Because most philosophies that frown on reproduction don't survive.

Wednesday, October 17, 2018

Christianity in the Modern Age

A friend posted this piece entitled "Elephants in Rooms" from The Catholic Thing and asked people's thoughts on it, and since I needed a post for the day I figured I'd write them up here.

It summarized the economic changes from a largely agrarian world which it describes as one in which families worked together as a whole to a world in which adults work outside the home while retreating to the home for some degree of time together as a family (though that itself is much interrupted by the entertainment and digital world.) This economic change, it posits, is the elephant in the room which has disrupted the traditional mores of Christianity. The conclusion:

We are all “trans” today. Men and women are treated as interchangeable, and since the development of public education, all the traditional functions of family have been farmed out. The family exists today as a unit only of consumption; if that, in light of fast food and fast everything.

The Christian religion (as all other religions) is predicated upon basic, universal, pre-modern social arrangements. These no longer exist, unless they are voluntarily adopted. But they cannot be adopted without comprehensive interference by the vast agencies of government and business which have by now assumed ALL the ancient patriarchal functions.

One might say, as some feminists do, that this makes men unnecessary. It also makes women and children unnecessary, except to generate a labor force, itself increasingly unnecessary due to advances in production techniques. The abortion mills thus make perfect sense: first to free women from distractions to employment, and then to phase out men and women entirely.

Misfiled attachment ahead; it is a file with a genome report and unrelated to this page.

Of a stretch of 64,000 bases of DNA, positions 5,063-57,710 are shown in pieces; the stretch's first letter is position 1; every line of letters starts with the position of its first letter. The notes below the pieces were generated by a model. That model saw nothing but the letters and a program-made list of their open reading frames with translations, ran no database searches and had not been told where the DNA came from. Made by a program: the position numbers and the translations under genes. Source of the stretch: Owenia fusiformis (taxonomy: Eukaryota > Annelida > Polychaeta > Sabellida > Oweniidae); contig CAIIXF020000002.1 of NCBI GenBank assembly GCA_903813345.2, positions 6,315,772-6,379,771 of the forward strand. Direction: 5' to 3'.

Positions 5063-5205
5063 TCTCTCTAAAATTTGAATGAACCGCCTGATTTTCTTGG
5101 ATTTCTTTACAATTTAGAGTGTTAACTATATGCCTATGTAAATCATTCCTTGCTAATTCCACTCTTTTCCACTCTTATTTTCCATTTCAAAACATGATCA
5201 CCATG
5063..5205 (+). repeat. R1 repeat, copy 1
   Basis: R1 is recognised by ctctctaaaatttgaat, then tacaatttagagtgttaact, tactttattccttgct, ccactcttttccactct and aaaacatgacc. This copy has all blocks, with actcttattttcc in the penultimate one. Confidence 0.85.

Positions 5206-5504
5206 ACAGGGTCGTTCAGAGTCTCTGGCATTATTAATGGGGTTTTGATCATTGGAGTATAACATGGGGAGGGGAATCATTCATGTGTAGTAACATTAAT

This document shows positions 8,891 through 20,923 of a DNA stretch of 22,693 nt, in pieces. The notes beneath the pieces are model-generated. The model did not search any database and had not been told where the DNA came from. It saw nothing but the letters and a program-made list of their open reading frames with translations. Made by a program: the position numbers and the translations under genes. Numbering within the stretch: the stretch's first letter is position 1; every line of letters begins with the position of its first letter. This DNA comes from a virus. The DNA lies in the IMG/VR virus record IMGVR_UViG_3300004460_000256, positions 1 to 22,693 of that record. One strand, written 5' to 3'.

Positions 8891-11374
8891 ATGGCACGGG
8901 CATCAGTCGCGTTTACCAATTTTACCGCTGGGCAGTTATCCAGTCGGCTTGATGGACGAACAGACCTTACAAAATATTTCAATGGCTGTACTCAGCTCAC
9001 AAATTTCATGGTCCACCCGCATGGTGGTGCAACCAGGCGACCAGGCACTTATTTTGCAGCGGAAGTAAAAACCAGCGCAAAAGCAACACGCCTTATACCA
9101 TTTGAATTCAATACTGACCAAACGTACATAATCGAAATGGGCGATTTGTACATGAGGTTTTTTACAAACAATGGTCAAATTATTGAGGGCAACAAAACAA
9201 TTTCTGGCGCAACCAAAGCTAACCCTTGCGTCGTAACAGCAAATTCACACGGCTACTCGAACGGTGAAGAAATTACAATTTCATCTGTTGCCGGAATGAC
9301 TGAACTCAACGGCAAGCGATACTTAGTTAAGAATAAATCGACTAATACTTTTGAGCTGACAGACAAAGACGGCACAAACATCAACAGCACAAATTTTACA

This, to my mind, is the elephant in our room. We do all in our power to accommodate it. Perhaps we should work on re-accommodating Christianity, instead.

A couple reactions occur to me.

Firstly, while I think there's a good argument to made that changes in economics and technology have had a major impact on the extent to which 'traditional morality' is re-enforced by cultural circumstances, think it's important to recall that neither traditional morals nor traditional social structures are the central aspects of Christianity. Rather, the central aspect of Christianity is the fact that God became man, suffered for our sins, rose from the dead, and provides the sacraments to us as channels of grace so that we may some day spent the rest of eternity in the beatific vision of Him. I assume that the author of the piece is well aware of this, but it's worth reiterating because too often these days moral practice is seen as the central aspect of religion. Certainly, if we believe that Christ is God, we should desire very much to follow His moral laws. And we often find ourselves expending considerable energy in insisting the God's laws remain immutable. But if God's laws are immutable, then they are in substance no less for this moment than they were for 33 A.D.

Second, it's worth recalling that the past was not always as conducive to moral behavior as we might think. The image that we often hear of is of a society in which people married and stayed married, lived in rural cottages, and worked together while rearing their children. This did, of course, happen. But these same traditional societies featured younger sons who were expected never to marry because they didn't have enough money to support a family; women who didn't find or couldn't afford a husband and so became single domestic staff to their own families, 'fallen women' who had few other options than to live by prostitution (thus providing an outlet for the men who would never be able to afford marriage), etc. Traditional societies had their own strong tendencies to vice, it's just that they were different tendencies to different vices than those in our highly fluid economy and individualistic society in which people are told they should value personal fulfillment above all things.